POCA and Co-ops: Love & Perspective

Last week, John, Carmen, and I had a meeting that I wished you all could’ve been at. So a blog post is the next best thing.

On Monday, I got an email from the Northwest Cooperative Development Center in Olympia, where we had done a brief consultation back in 2010 when we were just starting to think about the co-op idea. Eric Bowman of CDC was checking in to see if we’d be willing to participate in a presentation about co-ops in March in Portland — and of course he was wondering if we had actually gone ahead with the whole thing or not. I called him up and said, sure, we’d be glad to participate, but our co-op turned out, um, a little different. It might be too different for other co-ops to relate to. We don’t have shares or dividends or anything like that, we’re mostly about social capital and on top of that we’re a multi-stakeholder. It works great for us, but it might be kind of confusing for people who are just starting to think about co-ops.

 Eric agreed that it might be. And then he started asking questions about POCA. And then we got into the kind of animated conversation about the nuts and bolts of co-ops that I can never, ever get enough of. We were on the phone for an hour or so, and by the end of it we were making a lunch date for Wednesday, when he was coming down to Portland.

It gets even better, because he was coming to Portland in order to do some consulting with another multi-stakeholder co-op in Sherwood, Oregon, that is working on its articles of incorporation. Check out Community By Design — it’s a very cool project. Eric brought one of its organizers, Narendra Varma, to lunch — and the five of us talked a blue streak over Thai food. Then we went back to WCA and the POCA office and talked some more.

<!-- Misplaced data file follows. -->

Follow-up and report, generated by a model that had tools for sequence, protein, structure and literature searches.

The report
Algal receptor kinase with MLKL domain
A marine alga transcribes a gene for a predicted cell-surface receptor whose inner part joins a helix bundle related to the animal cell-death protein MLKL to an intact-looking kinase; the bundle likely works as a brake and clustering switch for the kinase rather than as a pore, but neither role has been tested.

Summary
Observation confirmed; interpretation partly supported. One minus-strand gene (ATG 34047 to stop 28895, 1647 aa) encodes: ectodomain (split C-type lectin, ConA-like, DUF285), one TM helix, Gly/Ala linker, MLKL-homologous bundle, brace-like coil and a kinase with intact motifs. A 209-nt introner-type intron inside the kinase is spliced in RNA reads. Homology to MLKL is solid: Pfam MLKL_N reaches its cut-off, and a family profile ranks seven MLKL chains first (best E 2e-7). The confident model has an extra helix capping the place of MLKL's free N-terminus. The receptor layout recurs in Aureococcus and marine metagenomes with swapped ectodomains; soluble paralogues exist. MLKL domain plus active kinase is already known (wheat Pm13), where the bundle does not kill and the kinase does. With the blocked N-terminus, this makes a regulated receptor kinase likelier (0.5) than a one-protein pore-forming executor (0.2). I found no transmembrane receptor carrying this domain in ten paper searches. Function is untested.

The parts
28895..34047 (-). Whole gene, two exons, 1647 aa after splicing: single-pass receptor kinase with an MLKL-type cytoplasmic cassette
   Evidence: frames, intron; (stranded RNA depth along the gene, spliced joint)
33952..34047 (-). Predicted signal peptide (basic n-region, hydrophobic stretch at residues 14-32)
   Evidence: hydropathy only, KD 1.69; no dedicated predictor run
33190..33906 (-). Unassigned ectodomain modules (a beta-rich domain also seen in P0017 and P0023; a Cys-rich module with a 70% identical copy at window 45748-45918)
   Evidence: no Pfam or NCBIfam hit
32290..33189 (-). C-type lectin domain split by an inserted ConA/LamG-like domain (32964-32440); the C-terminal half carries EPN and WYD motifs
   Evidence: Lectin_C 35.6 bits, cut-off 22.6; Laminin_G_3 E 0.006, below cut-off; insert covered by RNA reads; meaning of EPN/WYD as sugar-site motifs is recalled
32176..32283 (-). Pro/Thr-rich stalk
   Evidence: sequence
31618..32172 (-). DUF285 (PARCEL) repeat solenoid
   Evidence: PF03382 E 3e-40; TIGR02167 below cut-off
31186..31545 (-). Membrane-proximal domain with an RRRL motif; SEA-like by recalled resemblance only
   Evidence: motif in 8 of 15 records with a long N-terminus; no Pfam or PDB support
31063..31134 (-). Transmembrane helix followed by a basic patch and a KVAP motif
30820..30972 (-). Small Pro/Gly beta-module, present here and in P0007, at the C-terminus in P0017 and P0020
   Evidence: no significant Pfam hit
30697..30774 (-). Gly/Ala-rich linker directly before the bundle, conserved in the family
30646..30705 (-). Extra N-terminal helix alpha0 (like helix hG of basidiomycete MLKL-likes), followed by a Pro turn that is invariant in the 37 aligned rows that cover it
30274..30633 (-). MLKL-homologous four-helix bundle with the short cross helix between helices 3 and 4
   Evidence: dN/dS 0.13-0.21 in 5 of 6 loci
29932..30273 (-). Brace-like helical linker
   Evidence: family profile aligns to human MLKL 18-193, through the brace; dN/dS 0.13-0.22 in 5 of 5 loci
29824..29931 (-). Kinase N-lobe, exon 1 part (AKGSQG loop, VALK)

It can be hard to keep a perspective on what we’re doing here, because there is an endless stream of details and challenges. I found it tremendously energizing to spend time with other cooperators, because they really understand both the details and the challenges. And because they have experience of other co-ops, they can provide a perspective that we can’t necessarily give each other. I wanted to share that perspective with you.

Eric wrote:

Thanks for taking the time to meet. It was great to witness the growth and development of POCA. As somebody who works with boards and groups seeking to start a cooperative enterprise, I can assure you the accomplishments of POCA are not to be taken lightly.

Congratulations on all the success! It’s an inspiration.

POCA has been diligently building the infrastructure to successfully meet its mission.  It is thereby meeting the needs of the members who utilized POCA as a tool to increase affordable, group access to acupuncture.  Well done making change possible in the world!

There is much cause for concern; problems can feel insurmountable. It is too easy to succumb to despair, apathy or nihilism. It is extremely difficult to pour oneself into an act of creation. Thank you and the founders of the WCA movement and the POCA co-op for taking the risk. To build requires exposing oneself to the vulnerability of failure and embarrassment. You all saw a community gap and met it as an opportunity. We could all learn by emulating your model.

True to the cooperative spirit of mutualism, POCA exists not as a charity or to generate profit but to increase access to services through self-help. Co-ops are both democratic associations and business enterprises. This makes them unique and unlike nonprofits or typical businesses; it also means that as an economic system we are stronger when we collaborate.